StreetSmart program supports youths by tapping fine diners
Restaurants will offer option to tack $2 donation to bill
San Francisco, September 23, 2003 –A new program called StreetSmart is bringing together two of the hallmarks of San Francisco’s perceived identity – fine dining and the persistent problem of homelessness.
Through November 15, Streetsmart, a nonprofit organization, will be giving diners in participating restaurants the option of contributing $2 over the cost of their bill to benefit two agencies serving at-risk youths – Huckleberry Youth Programs and Larkin Street Youth Services.
Proceeds would support Violence Is Preventable, Huckleberry’s collaborative program that serves young women affected by violence, and Together Assisting Street Kids, Larkin Street’s program that provides services for homeless youths in the 12-to-17 age range. Both programs have faced severe budget cuts in the last year.
Local San Franciscans Jacqueline and Lawrence Slayen founded StreetSmart after encountering a similar program while traveling in London. The Slayens, who recently retired from a successful dentistry practice in Marin County, decided that the program could work in San Francisco.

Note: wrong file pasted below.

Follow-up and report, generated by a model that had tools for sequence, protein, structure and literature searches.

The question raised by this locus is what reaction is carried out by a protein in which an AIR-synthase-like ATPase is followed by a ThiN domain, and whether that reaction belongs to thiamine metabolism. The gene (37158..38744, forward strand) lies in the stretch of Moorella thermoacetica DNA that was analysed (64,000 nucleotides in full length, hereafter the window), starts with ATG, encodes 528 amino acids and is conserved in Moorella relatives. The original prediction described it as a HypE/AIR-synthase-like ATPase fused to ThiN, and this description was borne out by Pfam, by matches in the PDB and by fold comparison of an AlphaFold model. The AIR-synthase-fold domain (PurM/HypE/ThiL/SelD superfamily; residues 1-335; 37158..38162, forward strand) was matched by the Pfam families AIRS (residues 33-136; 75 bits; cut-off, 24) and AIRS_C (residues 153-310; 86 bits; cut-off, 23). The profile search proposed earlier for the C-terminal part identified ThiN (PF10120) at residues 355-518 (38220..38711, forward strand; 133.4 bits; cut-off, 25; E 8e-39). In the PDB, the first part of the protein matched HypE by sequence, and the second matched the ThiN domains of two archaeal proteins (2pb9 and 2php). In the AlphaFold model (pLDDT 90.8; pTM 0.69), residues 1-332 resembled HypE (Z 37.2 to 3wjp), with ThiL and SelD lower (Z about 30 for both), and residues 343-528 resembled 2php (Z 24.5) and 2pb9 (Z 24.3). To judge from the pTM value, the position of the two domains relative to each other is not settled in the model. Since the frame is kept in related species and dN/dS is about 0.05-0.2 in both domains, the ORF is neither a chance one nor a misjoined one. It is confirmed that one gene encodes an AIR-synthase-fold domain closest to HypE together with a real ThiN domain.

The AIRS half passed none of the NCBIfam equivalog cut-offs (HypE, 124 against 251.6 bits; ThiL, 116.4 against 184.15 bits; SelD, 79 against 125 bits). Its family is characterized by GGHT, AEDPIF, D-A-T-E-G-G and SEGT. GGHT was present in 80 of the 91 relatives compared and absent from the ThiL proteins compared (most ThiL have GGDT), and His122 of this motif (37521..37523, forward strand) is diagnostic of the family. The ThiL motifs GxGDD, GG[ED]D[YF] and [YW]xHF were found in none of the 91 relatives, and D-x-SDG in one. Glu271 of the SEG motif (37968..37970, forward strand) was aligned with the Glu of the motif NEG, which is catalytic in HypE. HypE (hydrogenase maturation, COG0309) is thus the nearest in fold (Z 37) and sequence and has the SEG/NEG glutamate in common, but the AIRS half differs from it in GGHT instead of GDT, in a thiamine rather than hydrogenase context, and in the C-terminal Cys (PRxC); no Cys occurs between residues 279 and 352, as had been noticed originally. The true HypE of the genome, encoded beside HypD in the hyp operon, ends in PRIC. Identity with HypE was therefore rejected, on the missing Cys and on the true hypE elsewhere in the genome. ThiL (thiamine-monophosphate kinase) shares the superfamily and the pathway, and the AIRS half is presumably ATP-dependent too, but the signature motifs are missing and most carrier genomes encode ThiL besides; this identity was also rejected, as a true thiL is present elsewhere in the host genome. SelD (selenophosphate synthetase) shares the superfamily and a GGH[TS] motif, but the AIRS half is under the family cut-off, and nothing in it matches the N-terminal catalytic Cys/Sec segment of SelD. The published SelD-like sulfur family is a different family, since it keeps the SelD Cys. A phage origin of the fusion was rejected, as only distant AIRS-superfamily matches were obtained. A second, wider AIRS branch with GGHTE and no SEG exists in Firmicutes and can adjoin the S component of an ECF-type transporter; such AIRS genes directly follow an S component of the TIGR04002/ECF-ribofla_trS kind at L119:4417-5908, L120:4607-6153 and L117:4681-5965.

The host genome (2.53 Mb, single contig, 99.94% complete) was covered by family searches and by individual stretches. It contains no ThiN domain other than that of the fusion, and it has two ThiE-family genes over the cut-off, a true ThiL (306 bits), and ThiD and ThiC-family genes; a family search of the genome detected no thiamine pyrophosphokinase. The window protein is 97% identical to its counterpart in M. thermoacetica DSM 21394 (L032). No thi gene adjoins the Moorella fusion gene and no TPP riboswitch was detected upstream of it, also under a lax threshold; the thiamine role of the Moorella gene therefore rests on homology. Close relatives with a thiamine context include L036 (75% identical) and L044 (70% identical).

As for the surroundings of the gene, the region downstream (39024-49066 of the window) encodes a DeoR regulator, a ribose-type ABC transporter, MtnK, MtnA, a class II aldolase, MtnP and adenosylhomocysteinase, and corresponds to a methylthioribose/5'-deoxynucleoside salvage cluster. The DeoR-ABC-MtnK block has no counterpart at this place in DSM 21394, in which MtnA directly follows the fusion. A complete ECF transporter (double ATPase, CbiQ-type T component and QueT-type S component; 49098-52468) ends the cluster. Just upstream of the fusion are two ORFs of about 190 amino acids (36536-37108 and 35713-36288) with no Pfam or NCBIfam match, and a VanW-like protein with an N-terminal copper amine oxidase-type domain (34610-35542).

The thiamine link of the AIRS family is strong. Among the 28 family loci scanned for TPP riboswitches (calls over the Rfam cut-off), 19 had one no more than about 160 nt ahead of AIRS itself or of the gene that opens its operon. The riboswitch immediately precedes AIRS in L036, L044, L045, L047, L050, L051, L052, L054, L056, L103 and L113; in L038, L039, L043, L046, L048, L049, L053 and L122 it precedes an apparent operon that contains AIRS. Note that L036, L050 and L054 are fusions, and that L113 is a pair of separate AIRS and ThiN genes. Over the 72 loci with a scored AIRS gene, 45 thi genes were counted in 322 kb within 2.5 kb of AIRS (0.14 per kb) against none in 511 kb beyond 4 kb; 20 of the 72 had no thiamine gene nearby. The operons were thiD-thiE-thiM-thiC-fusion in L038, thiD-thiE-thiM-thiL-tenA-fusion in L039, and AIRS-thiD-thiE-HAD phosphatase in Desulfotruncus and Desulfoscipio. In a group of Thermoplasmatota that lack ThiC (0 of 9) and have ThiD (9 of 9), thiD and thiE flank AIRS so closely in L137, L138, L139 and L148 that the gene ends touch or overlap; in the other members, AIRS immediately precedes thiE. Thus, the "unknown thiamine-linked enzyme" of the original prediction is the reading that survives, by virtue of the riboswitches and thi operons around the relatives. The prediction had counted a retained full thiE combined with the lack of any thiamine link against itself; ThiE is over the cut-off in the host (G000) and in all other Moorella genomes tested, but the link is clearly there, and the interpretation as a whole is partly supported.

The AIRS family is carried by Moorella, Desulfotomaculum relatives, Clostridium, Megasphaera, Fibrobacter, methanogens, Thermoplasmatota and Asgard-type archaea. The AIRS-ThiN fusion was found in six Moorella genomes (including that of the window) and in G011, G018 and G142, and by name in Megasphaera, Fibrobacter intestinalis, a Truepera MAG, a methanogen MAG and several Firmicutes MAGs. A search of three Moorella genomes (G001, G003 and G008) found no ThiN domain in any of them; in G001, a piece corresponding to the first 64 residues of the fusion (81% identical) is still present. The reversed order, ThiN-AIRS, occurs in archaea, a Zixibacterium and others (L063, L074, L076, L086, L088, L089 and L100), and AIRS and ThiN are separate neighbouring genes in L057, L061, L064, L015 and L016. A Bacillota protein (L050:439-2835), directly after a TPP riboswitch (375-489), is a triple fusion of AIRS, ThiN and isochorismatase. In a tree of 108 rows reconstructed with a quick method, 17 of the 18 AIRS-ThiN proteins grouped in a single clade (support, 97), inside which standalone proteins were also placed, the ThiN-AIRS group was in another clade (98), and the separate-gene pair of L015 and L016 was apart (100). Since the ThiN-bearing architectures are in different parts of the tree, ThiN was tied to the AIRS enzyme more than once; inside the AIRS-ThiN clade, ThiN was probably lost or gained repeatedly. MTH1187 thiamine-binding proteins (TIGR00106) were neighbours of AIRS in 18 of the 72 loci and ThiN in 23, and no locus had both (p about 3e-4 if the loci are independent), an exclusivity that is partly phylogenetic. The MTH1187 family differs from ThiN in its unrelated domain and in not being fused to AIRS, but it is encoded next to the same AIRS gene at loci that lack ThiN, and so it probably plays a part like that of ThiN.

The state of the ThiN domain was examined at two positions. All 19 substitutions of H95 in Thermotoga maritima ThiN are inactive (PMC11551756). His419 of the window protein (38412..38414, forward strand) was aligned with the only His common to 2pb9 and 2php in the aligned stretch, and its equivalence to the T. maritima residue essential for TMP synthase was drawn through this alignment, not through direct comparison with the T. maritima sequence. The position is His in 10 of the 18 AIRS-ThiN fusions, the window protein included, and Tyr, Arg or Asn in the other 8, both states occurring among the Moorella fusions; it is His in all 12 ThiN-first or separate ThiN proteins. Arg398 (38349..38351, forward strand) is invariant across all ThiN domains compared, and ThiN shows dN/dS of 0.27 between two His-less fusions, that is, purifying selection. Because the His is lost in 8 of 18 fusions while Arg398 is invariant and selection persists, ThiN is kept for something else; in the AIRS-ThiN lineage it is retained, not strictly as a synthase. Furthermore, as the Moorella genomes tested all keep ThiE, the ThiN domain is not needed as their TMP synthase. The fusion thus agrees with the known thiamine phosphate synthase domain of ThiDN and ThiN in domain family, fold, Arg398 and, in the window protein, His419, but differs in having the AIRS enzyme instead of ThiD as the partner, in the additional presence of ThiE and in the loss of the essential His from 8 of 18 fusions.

“We certainly have a homeless problem, and we certainly have great restaurants,” Jacqueline Slayen said.
So far, the Slayens, along with StreetSmart president Lorrie Greene, have signed up 55 restaurants around San Francisco and hope that once the word spreads more will sign up.
Unlike London, where the money is automatically added to the bill, San Francisco eateries will place notices on tables or menus, announcing diners’ option to contribute.
John Hurley, owner of Garibaldi’s and Home Restaurants, said that after listening to Jacqueline Slayen, he was convinced that StreetSmart was a great idea.
“There’s so much homelessness, and there’s such a problem,” Hurley said. “I think homeless children will really touch people’s hearts.”
The Slayens are still seeking a major donor to fund their program, but smaller donations from organizations such as Wells Fargo Bank have thus far covered the program’s overhead costs. This has allowed 100 percent of the diners’ donations to go directly to the service providers.
Chris Canter, chief development officer for the Larkin Street program, appreciated the busy efforts of the Slayens as the couple set up the nonprofit program on short notice.
“They put this program together in five and a half months,” Canter said. “They are pit bulls. They’re absolutely fabulous.”
For more information about StreetSmart, call 440-7517 or visit www.streetsmartusa.org.